Monday, December 17, 2012

Master B&W Printing

Making a great black-and-white print starts with successful exposure and processing, but it doesn't end there.
DPMag Published in Printing
Master B&W Printing
This Article Features Photo Zoom
A safe bet is to use papers from your printer manufacturer, but there are some excellent options from companies that specialize in photo papers, such as Hahnemühle, Ilford and Moab, that you ought to explore. Most sources offer a sample of their papers you can try to see which you prefer.

Here's something you might have overlooked. Setting a printer driver may not be the pinnacle of photographic excitement, but it's really important, especially if your printer offers specialized settings for black-and-white.

Here's an example of a very basic, but useful test print technique. We divided the image into five equal zones. We chose vertical strips rather than horizontal so that each zone would have similar, comparable content. (For some images, depending on the subject and composition, horizontal strips may work better.) Then we adjusted the Brightness of each zone as follows, from left to right: +150, +75, 0, -75, -150. Printing this image lets us see what the final result will be with our ink and paper combination. You can work this technique on a gradient, meaning if you prefer -75 Brightness, but think it's maybe a little too dark, repeat the process with settings like -25, -35, -45, -55 and -65 until you feel like you've dialed in the right setting.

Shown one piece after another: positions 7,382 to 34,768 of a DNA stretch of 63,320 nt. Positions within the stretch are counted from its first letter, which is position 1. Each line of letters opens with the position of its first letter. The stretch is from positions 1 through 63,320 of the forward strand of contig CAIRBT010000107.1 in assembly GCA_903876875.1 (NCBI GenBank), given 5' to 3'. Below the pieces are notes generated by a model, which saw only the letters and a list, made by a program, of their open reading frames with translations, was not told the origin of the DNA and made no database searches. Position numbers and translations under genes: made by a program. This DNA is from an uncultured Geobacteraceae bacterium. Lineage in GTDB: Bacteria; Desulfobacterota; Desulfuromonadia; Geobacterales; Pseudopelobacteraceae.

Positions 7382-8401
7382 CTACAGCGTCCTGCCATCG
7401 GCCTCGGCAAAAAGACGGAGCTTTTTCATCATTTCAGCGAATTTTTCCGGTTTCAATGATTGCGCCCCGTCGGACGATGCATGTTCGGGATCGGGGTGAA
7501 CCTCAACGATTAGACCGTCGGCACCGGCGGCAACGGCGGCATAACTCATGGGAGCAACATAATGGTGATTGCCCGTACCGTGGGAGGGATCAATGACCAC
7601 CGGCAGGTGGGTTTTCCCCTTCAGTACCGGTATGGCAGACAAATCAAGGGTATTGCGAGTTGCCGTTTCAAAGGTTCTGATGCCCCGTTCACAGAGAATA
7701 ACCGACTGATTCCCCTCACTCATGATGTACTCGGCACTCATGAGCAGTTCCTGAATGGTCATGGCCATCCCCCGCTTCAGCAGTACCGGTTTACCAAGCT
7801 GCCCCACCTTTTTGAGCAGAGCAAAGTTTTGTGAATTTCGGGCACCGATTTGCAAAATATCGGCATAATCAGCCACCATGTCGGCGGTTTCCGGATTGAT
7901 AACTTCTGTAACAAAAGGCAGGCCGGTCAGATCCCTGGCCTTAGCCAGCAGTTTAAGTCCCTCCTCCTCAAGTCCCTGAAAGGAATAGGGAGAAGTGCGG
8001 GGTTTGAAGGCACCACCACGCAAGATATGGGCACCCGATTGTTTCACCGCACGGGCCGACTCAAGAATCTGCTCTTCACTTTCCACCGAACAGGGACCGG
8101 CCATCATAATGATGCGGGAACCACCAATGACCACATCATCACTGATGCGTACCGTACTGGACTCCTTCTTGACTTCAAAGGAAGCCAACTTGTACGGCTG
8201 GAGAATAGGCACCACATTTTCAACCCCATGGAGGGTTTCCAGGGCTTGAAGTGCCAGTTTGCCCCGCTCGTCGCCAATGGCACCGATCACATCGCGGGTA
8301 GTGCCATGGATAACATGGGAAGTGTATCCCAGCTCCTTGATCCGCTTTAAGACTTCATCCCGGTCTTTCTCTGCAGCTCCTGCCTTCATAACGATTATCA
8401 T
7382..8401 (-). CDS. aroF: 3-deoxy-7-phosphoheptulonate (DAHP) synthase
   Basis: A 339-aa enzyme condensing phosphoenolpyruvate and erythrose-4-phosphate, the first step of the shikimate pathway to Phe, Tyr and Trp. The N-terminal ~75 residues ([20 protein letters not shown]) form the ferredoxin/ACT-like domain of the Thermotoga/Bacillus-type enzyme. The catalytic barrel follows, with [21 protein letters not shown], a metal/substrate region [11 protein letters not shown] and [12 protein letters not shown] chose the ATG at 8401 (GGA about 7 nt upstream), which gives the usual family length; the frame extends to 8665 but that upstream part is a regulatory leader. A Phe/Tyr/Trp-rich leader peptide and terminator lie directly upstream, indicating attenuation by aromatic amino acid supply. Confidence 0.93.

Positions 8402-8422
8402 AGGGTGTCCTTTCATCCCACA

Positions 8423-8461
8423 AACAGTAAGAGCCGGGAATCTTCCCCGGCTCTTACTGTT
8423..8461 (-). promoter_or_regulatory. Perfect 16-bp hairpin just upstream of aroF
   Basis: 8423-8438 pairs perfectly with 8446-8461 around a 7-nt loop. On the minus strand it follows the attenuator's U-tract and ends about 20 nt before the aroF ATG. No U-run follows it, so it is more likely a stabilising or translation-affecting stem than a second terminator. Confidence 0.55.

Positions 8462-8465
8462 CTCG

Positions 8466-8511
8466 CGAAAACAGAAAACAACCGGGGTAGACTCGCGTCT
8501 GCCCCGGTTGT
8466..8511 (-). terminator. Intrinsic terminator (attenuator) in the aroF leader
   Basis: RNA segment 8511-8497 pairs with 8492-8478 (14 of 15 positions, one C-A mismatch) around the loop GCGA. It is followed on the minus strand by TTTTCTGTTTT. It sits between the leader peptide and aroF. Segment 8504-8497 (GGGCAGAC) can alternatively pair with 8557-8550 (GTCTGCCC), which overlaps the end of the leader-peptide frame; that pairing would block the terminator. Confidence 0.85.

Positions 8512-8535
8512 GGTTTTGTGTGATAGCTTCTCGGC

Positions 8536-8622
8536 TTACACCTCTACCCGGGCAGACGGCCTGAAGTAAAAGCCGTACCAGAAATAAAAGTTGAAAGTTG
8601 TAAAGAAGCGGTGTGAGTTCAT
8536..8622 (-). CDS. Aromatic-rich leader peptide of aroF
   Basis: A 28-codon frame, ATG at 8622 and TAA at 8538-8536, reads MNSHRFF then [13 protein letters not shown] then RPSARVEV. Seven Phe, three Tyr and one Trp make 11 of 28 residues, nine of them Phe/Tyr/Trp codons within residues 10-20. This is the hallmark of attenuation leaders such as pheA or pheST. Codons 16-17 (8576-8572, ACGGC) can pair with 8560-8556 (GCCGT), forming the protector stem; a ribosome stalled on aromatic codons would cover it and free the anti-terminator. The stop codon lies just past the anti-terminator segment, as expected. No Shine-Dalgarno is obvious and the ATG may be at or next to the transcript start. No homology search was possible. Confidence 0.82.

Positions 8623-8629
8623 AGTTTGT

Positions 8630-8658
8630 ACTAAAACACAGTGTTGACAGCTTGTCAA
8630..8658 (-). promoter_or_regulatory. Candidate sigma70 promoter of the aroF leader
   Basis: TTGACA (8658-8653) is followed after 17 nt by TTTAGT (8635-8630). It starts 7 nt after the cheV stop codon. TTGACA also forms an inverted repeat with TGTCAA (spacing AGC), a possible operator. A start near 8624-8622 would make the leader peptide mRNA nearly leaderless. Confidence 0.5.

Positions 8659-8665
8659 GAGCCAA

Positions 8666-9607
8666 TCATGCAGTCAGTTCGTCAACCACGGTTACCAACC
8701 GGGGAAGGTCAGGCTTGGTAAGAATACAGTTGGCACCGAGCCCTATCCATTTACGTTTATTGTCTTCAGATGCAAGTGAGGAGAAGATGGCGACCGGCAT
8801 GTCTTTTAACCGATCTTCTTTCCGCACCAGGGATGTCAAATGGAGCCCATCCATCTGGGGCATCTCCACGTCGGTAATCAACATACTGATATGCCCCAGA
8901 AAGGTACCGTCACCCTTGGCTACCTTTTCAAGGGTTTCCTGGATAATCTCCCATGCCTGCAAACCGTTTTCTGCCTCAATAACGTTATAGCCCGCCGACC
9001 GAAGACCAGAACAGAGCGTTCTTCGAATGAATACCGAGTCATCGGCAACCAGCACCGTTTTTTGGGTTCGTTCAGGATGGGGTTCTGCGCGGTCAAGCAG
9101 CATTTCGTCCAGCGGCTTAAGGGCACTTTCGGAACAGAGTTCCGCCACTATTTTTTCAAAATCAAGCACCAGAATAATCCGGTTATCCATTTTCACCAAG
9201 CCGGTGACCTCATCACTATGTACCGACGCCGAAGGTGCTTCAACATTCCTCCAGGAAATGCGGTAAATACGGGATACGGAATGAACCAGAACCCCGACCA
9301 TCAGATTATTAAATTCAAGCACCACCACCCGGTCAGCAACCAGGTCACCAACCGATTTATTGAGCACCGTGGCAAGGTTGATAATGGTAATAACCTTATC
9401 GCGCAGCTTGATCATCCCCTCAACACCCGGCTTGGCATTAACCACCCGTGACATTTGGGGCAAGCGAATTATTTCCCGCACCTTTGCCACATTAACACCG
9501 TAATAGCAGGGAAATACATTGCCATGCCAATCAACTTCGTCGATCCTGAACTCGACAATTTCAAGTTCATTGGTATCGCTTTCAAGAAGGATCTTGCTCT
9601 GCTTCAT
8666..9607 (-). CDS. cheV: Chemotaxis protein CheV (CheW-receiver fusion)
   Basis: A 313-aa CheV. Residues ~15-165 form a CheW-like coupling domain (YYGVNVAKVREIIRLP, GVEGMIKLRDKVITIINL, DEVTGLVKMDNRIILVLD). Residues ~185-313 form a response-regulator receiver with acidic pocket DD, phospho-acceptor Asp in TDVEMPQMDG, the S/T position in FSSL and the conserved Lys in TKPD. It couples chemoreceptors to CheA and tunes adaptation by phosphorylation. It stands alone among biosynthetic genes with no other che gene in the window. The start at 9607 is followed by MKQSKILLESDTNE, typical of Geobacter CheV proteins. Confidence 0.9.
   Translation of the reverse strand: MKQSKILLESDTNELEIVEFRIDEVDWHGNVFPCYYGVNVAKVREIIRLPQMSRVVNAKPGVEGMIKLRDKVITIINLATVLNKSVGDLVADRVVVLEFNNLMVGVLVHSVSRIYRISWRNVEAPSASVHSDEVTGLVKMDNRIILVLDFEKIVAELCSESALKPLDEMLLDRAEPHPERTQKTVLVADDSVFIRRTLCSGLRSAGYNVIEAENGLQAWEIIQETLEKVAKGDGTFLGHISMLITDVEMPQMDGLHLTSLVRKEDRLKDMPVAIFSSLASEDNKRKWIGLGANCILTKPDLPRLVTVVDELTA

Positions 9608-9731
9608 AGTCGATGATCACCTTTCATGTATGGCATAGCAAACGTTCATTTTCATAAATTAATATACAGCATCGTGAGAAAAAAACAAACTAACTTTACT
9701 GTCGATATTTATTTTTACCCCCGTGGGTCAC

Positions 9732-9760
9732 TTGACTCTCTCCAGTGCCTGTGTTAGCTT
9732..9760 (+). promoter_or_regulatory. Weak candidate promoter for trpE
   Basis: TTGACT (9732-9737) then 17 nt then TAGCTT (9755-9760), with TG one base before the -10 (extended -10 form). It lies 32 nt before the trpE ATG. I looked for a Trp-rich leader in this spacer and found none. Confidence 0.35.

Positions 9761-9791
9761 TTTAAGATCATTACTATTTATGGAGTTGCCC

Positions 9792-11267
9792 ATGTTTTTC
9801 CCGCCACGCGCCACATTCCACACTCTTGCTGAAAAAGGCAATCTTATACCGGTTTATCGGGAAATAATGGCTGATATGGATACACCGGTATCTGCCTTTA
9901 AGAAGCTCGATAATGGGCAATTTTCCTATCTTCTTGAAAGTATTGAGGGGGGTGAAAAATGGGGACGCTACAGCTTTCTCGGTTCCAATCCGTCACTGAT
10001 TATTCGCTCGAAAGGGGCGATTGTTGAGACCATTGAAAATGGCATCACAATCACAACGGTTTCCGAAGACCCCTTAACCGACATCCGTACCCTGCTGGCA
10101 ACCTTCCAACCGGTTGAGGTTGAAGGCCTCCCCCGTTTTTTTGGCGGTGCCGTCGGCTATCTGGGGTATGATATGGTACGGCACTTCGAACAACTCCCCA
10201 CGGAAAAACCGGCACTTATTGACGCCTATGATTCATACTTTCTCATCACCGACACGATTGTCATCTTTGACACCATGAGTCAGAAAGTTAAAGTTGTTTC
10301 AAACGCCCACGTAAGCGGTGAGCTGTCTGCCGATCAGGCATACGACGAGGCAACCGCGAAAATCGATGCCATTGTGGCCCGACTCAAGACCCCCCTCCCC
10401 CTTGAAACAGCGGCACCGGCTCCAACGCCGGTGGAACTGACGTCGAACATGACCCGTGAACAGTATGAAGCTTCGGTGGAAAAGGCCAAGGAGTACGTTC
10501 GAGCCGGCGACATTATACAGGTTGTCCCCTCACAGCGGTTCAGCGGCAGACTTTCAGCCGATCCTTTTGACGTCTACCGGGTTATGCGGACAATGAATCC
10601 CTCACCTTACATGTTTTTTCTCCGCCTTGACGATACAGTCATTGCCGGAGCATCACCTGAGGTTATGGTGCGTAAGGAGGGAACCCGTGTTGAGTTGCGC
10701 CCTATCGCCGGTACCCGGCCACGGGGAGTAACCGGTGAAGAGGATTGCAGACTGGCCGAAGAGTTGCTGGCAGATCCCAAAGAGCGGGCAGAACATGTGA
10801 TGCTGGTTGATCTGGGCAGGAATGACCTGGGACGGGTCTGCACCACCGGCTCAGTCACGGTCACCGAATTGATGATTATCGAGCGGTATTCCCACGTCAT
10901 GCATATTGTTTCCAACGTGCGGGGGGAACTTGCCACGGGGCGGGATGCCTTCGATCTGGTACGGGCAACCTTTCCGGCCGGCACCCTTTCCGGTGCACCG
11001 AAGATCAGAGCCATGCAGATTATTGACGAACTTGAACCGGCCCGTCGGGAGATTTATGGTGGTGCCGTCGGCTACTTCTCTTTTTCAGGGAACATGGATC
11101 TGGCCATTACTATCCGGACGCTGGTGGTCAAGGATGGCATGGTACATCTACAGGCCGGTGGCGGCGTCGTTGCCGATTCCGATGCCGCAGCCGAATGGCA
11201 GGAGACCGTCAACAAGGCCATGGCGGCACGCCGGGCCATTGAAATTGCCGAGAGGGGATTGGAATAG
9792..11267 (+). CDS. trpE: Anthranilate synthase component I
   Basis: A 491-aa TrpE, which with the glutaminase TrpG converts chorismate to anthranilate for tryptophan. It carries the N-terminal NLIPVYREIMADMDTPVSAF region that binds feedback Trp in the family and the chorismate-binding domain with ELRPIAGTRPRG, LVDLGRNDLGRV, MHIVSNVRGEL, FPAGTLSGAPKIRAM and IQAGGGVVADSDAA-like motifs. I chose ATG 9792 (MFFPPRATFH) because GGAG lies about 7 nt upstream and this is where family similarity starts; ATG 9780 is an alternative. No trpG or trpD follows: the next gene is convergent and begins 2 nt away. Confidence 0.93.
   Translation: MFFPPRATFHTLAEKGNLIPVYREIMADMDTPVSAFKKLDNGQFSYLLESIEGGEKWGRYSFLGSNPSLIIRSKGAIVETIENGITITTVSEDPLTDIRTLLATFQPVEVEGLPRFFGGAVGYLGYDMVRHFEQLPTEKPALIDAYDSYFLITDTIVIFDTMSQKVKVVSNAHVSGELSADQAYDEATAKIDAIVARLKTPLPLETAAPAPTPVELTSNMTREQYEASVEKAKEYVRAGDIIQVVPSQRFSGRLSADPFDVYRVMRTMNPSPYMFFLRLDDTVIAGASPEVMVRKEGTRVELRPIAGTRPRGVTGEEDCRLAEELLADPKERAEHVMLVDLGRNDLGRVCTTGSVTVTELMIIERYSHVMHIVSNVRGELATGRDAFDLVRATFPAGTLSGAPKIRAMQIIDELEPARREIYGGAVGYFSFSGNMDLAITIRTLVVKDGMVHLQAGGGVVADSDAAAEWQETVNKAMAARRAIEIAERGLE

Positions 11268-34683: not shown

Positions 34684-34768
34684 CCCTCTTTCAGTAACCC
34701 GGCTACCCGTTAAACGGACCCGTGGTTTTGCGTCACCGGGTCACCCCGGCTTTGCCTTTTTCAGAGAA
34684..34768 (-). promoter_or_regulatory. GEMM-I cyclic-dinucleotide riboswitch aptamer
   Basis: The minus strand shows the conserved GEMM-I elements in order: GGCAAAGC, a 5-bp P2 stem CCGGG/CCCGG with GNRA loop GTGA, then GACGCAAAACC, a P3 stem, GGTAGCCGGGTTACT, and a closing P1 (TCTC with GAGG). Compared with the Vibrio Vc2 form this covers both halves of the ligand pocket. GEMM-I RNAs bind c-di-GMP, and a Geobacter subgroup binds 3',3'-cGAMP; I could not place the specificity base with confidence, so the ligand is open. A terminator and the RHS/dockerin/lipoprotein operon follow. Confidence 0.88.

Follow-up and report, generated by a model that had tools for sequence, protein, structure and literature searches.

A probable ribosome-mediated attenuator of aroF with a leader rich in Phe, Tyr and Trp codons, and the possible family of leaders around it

At the most basic, you should check that you've set your printer to its highest-quality setting and selected a paper type that most closely matches the paper you're using. Photo printers designed for enthusiasts and professionals usually will have even more controls to fine-tune their output. It's worth your time to review your printer's user manual to be sure you're taking full advantage of the printer driver.

Even with a well-calibrated system, what you see on screen is going to be different from what you see in print. A backlit screen is always going to have more pop than a print. The adjustments you've made to your image to prepare for printing—brightness, contrast, shadows, highlights and the like—may look great on screen, but not translate as well in print.

Make some test prints. One of our favorite techniques is to divide an image into sections, apply different adjustments to each section and then compare the results in the final print. This does add an extra step to the workflow, but it's worth it. It may end up actually saving you time, as well as ink and paper. You'll want to do this for every combination of image, ink and paper.

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